I guess that's why I never committed to online dating, in collaboration with the fact that I'd rather be single and wait for the right guy than be coupled with any guy kind of girl.  Some people are looking for a perfect handy man who provides financial stability and wants the 2-and-a-half kids and a mini-van life.  But I really just want an adventure buddy to laugh with. Of course, I want to be grounded enough to be serious, and I'm not so independent that there's no point in having another person around, but my default is fun and silly.  This was not available in a sea of Young Professionals Speed-daters.  They wanted to discuss what they do outside of their uninspired 9-to-5s and what part of New York City I live in and what my ideal date is.

The truth is, my ideal date would be to go to the Central Park boathouse, but if I'd gone with any of these guys, I'd be looking to jump into the water to get away and/or make it exciting.  I guess that's part of where my closed-mindedness started.  I'd rather be on date 3 at the boathouse, or date 5 watching bad TV in my sweats and eating take out than on date 1 talking about how your finance job pays the bills, but is burning you out.  Some even refused to talk about work, which not only totally made me think they were in the mob or porn industry, but is really hard--neigh--impossible when my job feels borderline vocational.

I doubt most people go into speed-dating looking for confirmation instead of a date, but I'm glad that it verified my odd and limited checklist.  My sister can sign me up for that awareness any day.

Now a few speed dating tips:
1) Don't take off your name tag and say it's because "you're a rebel like that."
2) Don't try to woo me with your Spanish guitar skills and ask if "you can buy me a drink and get out of here."
3) Don't bring up porn, even if the connection is that your sister did an off off broadway gig with a porn star and we're talking about "art."
4) Don't speak so quietly I can't hear a word you're saying.
5) Don't refer to the tram between Roosevelt Island and Manhattan as a "magic carpet/magic box."
6) Don't tell me the WWE is stupid.  I already know it is and I love it anyway.
7) Don't be named D***. (See above)
8) Don't tell me we "aren't going to talk about THOSE things that everyone else is."  Of COURSE we are.  This is awkward as hell.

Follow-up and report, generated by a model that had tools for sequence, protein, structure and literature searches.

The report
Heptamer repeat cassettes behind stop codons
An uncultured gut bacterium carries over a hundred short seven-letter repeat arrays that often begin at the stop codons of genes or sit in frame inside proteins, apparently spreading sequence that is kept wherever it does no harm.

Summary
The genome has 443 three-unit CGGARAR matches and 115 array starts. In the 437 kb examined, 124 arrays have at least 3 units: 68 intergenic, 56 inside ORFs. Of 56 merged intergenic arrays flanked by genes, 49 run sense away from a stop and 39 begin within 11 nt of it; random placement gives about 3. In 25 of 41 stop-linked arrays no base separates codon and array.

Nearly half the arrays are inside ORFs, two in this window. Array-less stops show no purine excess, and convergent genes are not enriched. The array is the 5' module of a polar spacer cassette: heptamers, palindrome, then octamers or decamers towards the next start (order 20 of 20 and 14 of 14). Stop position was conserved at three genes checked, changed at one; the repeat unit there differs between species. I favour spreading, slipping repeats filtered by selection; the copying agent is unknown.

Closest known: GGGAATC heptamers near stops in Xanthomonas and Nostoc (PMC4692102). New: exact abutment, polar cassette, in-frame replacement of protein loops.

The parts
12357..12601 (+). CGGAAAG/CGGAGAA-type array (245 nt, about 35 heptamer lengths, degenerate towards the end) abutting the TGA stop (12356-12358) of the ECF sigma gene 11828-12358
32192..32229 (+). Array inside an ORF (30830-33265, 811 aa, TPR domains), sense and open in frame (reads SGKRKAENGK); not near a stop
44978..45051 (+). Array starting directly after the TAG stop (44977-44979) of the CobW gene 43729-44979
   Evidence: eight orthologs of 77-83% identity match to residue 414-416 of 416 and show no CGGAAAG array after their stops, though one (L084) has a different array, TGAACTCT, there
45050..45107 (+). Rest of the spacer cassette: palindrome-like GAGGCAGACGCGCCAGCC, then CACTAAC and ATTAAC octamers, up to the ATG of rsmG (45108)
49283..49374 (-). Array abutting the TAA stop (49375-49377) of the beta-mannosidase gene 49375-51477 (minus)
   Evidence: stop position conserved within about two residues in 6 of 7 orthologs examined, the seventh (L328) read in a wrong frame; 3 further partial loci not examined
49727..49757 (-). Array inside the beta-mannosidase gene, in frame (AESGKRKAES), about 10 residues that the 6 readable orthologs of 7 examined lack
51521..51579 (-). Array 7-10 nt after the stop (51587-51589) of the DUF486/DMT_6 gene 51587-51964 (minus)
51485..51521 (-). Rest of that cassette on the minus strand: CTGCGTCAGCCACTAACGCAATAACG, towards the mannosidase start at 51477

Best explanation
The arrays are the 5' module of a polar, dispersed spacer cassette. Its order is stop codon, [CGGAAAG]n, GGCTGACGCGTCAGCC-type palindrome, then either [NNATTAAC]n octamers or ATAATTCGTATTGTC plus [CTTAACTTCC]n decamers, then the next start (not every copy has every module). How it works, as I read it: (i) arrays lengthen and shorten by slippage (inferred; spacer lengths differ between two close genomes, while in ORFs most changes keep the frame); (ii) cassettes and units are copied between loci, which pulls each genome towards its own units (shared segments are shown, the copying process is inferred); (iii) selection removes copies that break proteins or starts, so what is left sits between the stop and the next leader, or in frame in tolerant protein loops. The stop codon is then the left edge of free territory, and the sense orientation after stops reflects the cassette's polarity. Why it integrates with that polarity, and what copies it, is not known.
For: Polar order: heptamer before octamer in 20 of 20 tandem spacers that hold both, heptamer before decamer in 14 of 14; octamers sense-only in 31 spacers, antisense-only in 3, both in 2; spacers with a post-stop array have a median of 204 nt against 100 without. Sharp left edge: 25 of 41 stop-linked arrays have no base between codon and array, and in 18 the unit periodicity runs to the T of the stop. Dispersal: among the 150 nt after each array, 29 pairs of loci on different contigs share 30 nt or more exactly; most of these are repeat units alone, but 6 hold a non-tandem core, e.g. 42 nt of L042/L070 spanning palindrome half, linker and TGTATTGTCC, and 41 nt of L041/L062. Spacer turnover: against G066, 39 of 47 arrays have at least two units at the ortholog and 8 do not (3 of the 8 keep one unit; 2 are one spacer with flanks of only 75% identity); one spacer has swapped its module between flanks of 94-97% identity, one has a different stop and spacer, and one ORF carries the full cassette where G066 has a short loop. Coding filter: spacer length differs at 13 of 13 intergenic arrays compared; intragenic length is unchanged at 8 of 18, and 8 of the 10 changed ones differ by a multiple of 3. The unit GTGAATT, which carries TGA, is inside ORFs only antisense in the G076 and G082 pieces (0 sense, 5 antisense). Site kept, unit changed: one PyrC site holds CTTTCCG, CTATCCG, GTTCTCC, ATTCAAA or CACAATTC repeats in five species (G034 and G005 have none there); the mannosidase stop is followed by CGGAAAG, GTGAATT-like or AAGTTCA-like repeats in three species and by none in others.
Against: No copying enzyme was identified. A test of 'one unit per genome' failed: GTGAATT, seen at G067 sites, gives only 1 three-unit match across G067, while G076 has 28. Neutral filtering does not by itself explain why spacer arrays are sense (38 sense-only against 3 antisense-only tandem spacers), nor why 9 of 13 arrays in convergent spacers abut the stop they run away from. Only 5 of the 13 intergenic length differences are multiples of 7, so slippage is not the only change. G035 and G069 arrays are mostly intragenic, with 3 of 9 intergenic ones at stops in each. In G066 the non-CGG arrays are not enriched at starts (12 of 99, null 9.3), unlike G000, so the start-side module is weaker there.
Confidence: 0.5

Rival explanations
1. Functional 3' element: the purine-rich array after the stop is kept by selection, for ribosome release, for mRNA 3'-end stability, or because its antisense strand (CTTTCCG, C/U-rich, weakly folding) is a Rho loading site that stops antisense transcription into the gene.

9) Don't be a Red Sox fan.  That's just a tip about life, really.
10) Don't tell me you're "on break" with someone.

A word about number 10.  What the HELL does "on break" mean?  You're either dating someone or you are not dating someone.  Those are the only two things that are real.  I hate "on break" because 87% of the time it's just postponing a break up because you're both in denial that it isn't working out when "you're just so right for eachother."  Unfortunately love, like most of life, is a decision and a circumstance.  You can decide who is right for you (see rollercoaster preference), but their preferences, timing, fate, etc., may not fall into the delicate balance that looks so stubbornly right in the picture you've made, or stalked on the two of you on Facebook.

Here's the thing about being "on break."  It's a power struggle, intentionally or otherwise.  One person didn't want to be "broken up with temporarily or maybe forever," so they're stuck pacing back and forth between the friend zone and "someday," (which may never come) while the heartbreaker is off "working on themselves" and "just having fun with their friends" and "probably sleeping with other people and debating whether or not to tell you about it."

Rarely when a couple is on break are they actually working on the issues within themselves or their relationship, and if they are, they aren't "breaking" for shit.  The real kicker is, that usually the person who called for this break is stewing whatever complicated circumstances they created so that they had "something to get away from."

Let this person go.  The masochism of "hanging in there to see if it works out" is overpowering the fact that they are disrespecting you, even if you agreed to it, and frankly, if you're looking for a rest-of-your-life person, the circumstances are just going to get harder.  If they have one foot out the door already, you may want to close it for them, because they'll be sprinting for the streets when what lays ahead arrives.

Ask couples who have been married for over a decade how many breaks they've had, and how many they've felt like they needed.

Just remember, you're probably worth staying for.  I mean, do they even like rollercoasters?